Same-Sex Harassment: The Evolving Case Law
By Joseph A. White
In an earlier post—“Title VII Covers Male Employee Harassed for Being ‘Unmanly’”—we discussed a Fifth Circuit case in which the circuit court sided with a male employee whosemale supervisorharassed himfor “not being manly enough.” On May 5, 2014, a federal court in Pennsylvania reached a similar conclusion in another same-sex harassment case,Rachuna v. Best Fitness Corp., CIV.A. No. 1:13-cv-365.
Here’s the short version of the facts in Rachuna:The plaintiff, Rachuna, was a male personal trainer who worked at a gym owned by Best Fitness. Rachuna was successful and received several promotions over the years. Then, in February 2012, Taylor became his boss. Taylor was, to put it mildly, a bit primitive. He liked to comment on the size of male gym members’—uh—members; smack female gym members on their butts; and generally ogle and talk freely about the anatomies of various underage gym members, of both sexes.
According to Rachuna’s lawsuit, he complained about Taylor’s behavior to, in order, (1) Taylor; (2) Rachuna’smanager (who unfortunately happened to be Taylor’s wife); (3) Best Fitness’s CEO; and (4) Best Fitness’s Human Resources Director. Their response (again, in order) was to: (1) mockRachuna; (2) ignoreRachuna; (3) ignoreRachuna; and (4) fire Rachuna.
Rachuna sued Best Fitness alleging same-sex harassment in violation of Title VII. Essentially, he alleged that Taylor and Best Fitness subjected him to a hostile work environment, and eventually fired him, because he did not confirm to their stereotypes of his male gender. Rachuna’s protestations about Taylor’s behavior, Rachuna alleged, “may have projected to Taylor that he was a more sensitive type of male (showing his ‘feminine side’) and that such action only served to increase the severity and frequency of Taylor’s actions.”
Best Fitness moved to dismiss Rachuna’s lawsuit, but the United States District Court for the Western District of Pennsylvania denied its motion. First, it held that Rachuna stated a facially viable discrimination claim which could not be dismissed at the pleadings stage, prior to fact discovery. As the Court stated:
The [Third Circuit has] held that ‘a plaintiff may be able to prove that same-sex harassment was discrimination because of sex by presenting evidence that the harasser’s conduct was motivated by a belief that the victim did not conform to the stereotypes of his or her gender. This statement clearly contemplates a fully-developed record and a motion for summary judgment or trial, not a motion to dismiss a complaint.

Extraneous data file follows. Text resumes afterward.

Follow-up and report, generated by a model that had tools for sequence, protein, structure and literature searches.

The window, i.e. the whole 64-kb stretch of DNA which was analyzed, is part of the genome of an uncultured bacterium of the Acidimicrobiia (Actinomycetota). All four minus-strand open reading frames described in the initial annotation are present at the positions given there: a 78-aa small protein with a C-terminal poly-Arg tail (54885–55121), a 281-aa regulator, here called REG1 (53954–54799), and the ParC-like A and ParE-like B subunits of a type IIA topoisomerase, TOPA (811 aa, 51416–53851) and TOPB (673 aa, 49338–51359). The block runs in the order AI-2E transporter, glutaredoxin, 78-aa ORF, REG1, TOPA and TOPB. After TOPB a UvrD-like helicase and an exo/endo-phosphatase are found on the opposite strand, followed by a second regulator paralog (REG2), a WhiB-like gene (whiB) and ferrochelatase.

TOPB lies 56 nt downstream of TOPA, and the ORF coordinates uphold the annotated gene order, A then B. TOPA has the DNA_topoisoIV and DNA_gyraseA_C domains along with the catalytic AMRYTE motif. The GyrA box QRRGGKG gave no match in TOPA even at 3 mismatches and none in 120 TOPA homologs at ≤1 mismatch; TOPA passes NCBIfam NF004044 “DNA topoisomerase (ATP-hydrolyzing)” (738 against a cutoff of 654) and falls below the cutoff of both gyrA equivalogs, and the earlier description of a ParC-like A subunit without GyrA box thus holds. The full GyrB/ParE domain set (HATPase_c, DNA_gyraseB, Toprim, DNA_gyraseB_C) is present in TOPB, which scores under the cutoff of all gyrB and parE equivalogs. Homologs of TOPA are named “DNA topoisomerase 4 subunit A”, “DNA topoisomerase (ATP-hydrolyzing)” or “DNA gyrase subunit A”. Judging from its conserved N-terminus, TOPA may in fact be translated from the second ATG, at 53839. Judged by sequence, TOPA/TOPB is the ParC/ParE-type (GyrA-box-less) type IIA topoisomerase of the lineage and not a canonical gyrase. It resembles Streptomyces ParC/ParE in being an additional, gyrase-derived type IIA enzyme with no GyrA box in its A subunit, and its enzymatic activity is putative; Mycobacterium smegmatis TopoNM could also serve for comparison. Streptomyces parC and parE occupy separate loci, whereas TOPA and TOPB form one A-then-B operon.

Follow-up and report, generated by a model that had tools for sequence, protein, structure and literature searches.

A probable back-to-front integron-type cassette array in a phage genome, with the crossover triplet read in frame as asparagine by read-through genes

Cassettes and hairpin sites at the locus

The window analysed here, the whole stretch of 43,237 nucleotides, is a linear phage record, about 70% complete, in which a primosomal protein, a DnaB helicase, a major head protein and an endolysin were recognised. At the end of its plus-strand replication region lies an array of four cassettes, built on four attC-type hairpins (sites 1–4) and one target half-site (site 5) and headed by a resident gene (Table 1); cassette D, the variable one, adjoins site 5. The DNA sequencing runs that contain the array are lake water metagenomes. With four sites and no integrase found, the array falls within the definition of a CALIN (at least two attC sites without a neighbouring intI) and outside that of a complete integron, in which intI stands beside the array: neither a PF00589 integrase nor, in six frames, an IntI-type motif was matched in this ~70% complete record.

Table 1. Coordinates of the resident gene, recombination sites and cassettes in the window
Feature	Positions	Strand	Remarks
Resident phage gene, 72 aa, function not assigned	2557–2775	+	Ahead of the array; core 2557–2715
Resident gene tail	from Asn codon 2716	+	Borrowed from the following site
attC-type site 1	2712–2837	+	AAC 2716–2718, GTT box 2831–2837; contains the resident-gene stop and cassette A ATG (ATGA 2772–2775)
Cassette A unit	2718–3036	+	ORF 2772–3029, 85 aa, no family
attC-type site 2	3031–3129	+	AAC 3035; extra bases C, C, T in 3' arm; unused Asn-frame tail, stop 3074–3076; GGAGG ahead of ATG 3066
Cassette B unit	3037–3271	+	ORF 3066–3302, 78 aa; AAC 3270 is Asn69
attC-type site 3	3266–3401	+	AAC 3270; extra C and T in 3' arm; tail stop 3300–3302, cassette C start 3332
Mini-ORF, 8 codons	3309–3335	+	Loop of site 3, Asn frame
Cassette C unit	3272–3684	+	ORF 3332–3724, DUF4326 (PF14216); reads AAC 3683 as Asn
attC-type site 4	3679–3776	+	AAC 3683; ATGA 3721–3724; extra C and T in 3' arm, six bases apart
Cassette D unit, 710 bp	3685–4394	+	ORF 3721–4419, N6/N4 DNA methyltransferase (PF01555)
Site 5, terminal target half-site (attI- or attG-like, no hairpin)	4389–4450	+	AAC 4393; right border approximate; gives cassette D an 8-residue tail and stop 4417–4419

Second, the court rejected Best Fitness’ attempt to narrow the scope of actionable same-sex harassment to situations where male employeesare harassed for being effeminate.
Defendants argue that, although Plaintiff alleges that Taylor’s actions were motivated by a belief that he did not conform to the stereotype of a heterosexual male, his allegations are insufficient because he has not alleged that he was being harassed for being effeminate. Rather, they argue his claims are essentially that he was offended by Taylor discussing sex-related topics with him, such as asking him about his personal sex life and encouraging him to have more sex more often. However, Defendants cite no authority in support of this argument, only cases in which courts permitted claims to proceed when male plaintiffs proffered evidence that they were harassed for being effeminate and/or for exhibiting characteristics of the opposite gender. This does not mean that these are the only circumstances that can support a claim of same-sex harassment.
Expect to see that highlighted language again. As the same-sex harassment doctrine develops, defendant-employers will try to narrow its contours, while plaintiff-employees will try to expand it. Decisions like Rachuna are helpful to those on the plaintiff-employee side of the ledger because they suggest that same-sex harassment cases do not lend themselves to a one-size-fits-all approach. Decisions like Rachuna are also disturbing for employers who will justifiably wonder where courts will draw the line between same-sex harassment based on gender stereotype (illegal) and same-sex harassment based on sexual orientation (not illegal). Given a loose or malleable standard, after all, creative lawyers will have little trouble transforming claims based on non-actionable sexual orientation discrimination into actionable gender stereotype claims.
Joseph A. White is a litigator who represents individuals and businesses in complex business, employment and personal injury litigation